The success of any DIY project lies in the preparation. That means preparing the room, the surface, the tools and even yourself for the project at hand. First, you need to check the surfaces you’ll be painting onto. Check the walls for any holes, such as old drill holes, and fill them with a small amount of filler to create a flat surface.
Once the walls are level and holes have been filled, you then need to sand all surfaces to be painted. This process is easier with a power sander but a sanding block and paper can be used if you’re on a budget. Run a fine grained paper over the surface and take off any rough edges or flakes of plaster to ensure a smooth surface on which to paint.
If you need to remove a previous coat of paint, a rotary paint stripper will help you complete the task much more quickly. Take a look at our hire page to find out more.
You also need to wash your brushes, even if they are new, in order to rid the brushes of any residual paint or dust.
Ensure you protect furniture, carpets and any surface on which you do not wish to have paint, with dust sheets.
2. Paint the ceiling
Always start with painting the ceiling as this means any drips are not falling onto a freshly painted surface. Use a smaller empty paint pot, or paint kettle to avoid carrying the heavy paint tin up your stepladder. Start by ‘cutting in’ where the ceiling meets the wall using a smaller paintbrush of around 50-70mm to allow for greater precision.
Once the cutting in is complete, you can now use your roller with extendable pole to paint the rest of the ceiling. Pour a small amount of paint into the tray and roll the roller through it. Then apply the paint to the ceiling, starting at the edges to ensure you are blending wet paint with wet paint.
Cutting in will need to be repeated around any ceiling fixtures you may have. Use masking tape to ensure the fixtures do not receive any of the paint.
Once the ceiling is painted, follow the manufacturer’s instructions regarding drying time and repeat the process if required.
3. Painting the walls undercoat
Use masking tape to cover any fixtures and fittings before starting then use a medium sized paint brush to cut in. Then, as with the ceiling, use your roller to apply the undercoat. Consult the paint manufacturer’s instructions regarding drying times and then repeat the process if required.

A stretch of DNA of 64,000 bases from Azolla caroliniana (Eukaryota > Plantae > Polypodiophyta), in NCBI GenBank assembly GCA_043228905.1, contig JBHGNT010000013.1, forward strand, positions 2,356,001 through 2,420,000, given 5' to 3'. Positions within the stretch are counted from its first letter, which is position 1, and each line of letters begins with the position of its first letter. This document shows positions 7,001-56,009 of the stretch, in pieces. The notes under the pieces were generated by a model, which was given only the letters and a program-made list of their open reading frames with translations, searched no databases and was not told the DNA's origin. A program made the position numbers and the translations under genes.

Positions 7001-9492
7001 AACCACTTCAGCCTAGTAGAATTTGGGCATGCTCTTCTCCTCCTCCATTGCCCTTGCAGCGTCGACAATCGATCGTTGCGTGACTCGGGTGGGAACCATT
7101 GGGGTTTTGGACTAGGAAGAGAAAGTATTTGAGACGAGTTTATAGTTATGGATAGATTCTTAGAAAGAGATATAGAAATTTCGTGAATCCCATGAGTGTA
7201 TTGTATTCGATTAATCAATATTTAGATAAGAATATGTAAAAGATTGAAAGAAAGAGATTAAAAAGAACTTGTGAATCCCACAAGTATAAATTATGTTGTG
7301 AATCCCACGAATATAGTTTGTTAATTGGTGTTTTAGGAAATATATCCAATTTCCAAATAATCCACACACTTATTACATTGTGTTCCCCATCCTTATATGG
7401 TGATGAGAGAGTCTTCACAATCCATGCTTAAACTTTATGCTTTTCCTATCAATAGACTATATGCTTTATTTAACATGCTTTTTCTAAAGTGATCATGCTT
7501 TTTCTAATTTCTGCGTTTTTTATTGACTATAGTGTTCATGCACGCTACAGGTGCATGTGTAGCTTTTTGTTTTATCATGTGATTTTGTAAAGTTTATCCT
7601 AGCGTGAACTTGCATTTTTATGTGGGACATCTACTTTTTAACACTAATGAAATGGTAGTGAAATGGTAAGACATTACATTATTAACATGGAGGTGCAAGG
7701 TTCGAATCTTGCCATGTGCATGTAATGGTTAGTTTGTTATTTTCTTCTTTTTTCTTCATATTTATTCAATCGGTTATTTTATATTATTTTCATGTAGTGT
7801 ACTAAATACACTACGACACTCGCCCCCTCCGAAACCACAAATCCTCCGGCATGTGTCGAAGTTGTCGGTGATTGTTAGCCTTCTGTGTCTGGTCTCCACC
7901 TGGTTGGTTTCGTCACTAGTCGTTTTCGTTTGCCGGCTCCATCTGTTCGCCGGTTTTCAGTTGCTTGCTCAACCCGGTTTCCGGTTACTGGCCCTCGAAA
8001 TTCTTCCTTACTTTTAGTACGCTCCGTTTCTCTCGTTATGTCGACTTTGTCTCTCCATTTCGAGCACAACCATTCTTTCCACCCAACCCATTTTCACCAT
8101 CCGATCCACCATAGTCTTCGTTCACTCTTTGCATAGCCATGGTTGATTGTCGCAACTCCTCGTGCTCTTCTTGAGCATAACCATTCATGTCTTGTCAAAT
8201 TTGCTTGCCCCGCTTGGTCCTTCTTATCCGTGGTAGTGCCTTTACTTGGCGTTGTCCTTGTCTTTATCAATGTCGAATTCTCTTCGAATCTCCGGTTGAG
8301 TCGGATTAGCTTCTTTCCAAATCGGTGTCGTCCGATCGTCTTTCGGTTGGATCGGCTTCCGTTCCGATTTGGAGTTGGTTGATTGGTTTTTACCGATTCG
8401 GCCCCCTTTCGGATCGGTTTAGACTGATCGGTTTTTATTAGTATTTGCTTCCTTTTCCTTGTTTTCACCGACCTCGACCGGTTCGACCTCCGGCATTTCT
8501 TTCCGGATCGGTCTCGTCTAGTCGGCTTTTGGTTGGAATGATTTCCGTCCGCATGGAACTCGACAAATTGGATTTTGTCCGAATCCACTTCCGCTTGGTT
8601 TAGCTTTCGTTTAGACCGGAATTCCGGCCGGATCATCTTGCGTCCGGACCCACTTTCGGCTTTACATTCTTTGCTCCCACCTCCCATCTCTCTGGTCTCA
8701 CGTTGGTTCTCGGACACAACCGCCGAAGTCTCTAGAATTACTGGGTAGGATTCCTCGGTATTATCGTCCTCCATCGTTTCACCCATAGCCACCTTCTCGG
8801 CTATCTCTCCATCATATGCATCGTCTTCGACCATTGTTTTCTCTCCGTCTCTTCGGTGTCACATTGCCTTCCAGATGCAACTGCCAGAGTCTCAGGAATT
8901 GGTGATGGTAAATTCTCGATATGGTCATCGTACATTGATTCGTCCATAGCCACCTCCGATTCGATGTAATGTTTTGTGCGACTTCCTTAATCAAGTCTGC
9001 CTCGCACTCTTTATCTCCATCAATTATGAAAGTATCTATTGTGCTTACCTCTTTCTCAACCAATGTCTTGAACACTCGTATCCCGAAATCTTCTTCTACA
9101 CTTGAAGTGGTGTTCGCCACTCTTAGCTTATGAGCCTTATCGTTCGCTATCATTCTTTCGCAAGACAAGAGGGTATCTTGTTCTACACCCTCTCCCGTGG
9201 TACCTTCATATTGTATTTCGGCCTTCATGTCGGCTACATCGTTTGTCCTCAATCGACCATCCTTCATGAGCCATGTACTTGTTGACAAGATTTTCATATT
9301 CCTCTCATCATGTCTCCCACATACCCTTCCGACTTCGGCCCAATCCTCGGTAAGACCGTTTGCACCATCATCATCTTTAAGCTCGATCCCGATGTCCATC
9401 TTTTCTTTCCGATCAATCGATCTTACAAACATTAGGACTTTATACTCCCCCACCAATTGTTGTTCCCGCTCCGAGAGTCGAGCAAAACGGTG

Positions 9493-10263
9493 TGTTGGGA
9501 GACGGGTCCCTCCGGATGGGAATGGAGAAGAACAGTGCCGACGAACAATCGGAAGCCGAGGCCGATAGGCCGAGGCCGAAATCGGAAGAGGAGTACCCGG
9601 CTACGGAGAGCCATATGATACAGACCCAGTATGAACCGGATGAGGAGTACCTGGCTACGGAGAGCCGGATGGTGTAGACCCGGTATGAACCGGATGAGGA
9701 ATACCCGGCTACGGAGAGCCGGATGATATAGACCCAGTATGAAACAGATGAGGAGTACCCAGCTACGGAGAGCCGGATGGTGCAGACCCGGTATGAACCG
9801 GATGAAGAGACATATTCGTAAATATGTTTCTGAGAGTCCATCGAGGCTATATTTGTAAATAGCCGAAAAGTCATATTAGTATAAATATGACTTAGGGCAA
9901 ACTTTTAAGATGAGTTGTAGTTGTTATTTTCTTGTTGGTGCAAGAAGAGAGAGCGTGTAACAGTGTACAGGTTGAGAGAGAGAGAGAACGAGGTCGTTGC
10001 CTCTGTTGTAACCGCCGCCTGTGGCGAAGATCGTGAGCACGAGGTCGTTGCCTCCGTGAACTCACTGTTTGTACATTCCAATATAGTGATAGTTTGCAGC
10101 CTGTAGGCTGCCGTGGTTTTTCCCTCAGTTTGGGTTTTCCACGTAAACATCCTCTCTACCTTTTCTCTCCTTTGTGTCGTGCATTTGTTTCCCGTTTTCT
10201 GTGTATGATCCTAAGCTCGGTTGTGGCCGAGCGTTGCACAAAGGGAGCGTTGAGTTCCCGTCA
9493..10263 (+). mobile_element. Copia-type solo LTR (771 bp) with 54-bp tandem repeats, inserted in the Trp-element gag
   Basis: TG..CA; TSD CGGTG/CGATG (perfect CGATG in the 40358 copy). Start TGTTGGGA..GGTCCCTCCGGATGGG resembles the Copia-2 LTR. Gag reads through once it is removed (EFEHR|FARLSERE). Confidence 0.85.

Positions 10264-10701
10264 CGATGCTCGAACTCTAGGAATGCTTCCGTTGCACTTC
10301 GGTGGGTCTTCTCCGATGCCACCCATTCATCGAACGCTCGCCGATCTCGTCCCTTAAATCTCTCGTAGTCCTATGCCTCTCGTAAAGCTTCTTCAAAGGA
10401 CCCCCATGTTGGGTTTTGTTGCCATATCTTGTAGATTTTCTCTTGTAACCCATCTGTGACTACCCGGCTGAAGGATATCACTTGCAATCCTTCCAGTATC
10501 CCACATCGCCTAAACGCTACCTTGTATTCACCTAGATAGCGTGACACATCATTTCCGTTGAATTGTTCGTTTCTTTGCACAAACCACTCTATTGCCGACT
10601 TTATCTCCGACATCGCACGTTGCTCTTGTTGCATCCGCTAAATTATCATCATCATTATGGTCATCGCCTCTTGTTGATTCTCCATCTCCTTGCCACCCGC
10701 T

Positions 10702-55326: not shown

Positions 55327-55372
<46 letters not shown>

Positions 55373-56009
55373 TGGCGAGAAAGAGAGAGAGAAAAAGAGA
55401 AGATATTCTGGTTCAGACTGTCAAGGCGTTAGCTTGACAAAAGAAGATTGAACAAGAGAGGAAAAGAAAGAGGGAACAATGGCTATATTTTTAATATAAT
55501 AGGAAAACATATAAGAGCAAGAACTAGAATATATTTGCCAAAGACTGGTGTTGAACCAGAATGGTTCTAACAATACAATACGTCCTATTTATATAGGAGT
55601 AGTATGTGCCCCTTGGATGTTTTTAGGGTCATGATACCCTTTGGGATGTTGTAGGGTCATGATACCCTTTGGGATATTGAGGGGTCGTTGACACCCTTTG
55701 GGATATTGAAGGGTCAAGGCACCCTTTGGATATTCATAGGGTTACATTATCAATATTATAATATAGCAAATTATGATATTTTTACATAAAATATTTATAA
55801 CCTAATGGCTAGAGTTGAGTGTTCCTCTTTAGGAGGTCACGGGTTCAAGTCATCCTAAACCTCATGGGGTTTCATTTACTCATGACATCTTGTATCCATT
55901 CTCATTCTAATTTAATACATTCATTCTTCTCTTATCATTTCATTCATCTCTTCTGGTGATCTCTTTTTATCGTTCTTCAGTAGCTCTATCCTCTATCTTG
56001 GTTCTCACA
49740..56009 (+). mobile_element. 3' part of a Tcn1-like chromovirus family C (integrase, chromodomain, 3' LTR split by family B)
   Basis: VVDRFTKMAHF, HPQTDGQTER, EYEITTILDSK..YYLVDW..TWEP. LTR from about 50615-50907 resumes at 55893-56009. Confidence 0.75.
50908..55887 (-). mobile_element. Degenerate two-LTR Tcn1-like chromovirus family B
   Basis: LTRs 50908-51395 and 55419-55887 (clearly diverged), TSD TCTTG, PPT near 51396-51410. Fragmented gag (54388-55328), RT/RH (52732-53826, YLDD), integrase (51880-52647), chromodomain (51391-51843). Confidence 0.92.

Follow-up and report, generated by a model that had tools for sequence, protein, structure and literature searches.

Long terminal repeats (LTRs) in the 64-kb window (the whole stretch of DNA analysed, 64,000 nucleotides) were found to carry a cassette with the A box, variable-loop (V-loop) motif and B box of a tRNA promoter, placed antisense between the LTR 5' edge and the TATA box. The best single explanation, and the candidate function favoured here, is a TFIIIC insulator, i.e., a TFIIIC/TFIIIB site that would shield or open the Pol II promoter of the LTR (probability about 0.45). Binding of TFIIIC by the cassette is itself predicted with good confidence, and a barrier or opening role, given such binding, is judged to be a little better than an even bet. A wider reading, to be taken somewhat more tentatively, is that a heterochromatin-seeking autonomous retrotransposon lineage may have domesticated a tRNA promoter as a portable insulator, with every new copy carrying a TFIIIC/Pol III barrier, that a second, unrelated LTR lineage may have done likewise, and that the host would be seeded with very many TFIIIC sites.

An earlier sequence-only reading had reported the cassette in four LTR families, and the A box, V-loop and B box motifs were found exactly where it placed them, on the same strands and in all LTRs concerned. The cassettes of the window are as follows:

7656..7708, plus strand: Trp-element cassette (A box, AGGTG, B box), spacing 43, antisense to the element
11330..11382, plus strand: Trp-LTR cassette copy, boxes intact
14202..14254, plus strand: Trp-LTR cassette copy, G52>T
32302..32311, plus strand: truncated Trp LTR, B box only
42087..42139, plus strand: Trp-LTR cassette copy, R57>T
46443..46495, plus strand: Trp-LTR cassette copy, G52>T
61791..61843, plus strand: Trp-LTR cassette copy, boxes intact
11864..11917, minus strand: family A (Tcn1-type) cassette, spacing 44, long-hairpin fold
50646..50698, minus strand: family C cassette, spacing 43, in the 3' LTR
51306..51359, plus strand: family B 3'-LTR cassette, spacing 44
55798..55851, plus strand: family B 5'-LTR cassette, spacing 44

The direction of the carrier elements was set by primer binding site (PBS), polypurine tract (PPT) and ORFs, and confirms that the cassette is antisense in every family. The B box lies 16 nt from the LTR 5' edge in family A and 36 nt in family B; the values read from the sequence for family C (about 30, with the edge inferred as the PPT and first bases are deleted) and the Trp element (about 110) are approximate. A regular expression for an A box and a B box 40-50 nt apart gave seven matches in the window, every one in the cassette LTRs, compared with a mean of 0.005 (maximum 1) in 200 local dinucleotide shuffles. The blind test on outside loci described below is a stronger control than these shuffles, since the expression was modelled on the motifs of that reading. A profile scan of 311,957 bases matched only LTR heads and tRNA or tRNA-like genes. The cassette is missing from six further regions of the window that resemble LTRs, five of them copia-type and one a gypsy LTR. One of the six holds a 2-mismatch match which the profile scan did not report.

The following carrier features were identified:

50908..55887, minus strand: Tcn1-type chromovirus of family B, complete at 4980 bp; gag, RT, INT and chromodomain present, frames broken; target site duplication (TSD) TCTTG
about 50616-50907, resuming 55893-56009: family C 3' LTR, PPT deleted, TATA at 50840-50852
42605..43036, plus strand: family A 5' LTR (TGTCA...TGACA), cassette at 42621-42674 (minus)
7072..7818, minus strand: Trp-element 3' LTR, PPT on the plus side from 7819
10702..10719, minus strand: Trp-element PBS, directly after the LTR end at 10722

4. Painting the wall topcoat
When painting the walls, make sure you focus on one wall at a time to avoid blending wet paint with dry. Start by cutting in at the ceiling and around the fixtures and skirting board and then paint that wall with your roller, combining up, down and W shaped motions for even coverage. Once painting is complete, consult manufacturer’s drying times and then apply a final coat.
5. Painting the woodwork undercoat
Cover any areas you don’t wish to be painted with masking tape and make sure you open any windows to avoid painting them closed. Give all woodwork a coat of interior wood primer. Then, following instructions on drying times, apply the undercoat. When doing skirting boards, be sure the dust sheets provide coverage right to the edge to avoid spoiling the floor.
6. Painting the woodwork topcoat
Choose an interior wood paint that fits the style you are looking for, either eggshell, matte, satin or gloss. Interior wood paint is thicker than emulsion, so apply to your brush sparingly in order to avoid unsightly drips.
Take care when painting around the freshly painted walls; any spots of wood paint that do end up on the walls can be repaired with emulsion later. Once complete, consult manufacturer’s instructions on drying times before applying a final coat.
Once all painting is complete and the paint is dry, you can now replace your fixtures and fittings, remove the dust sheets and enjoy your freshly painted room.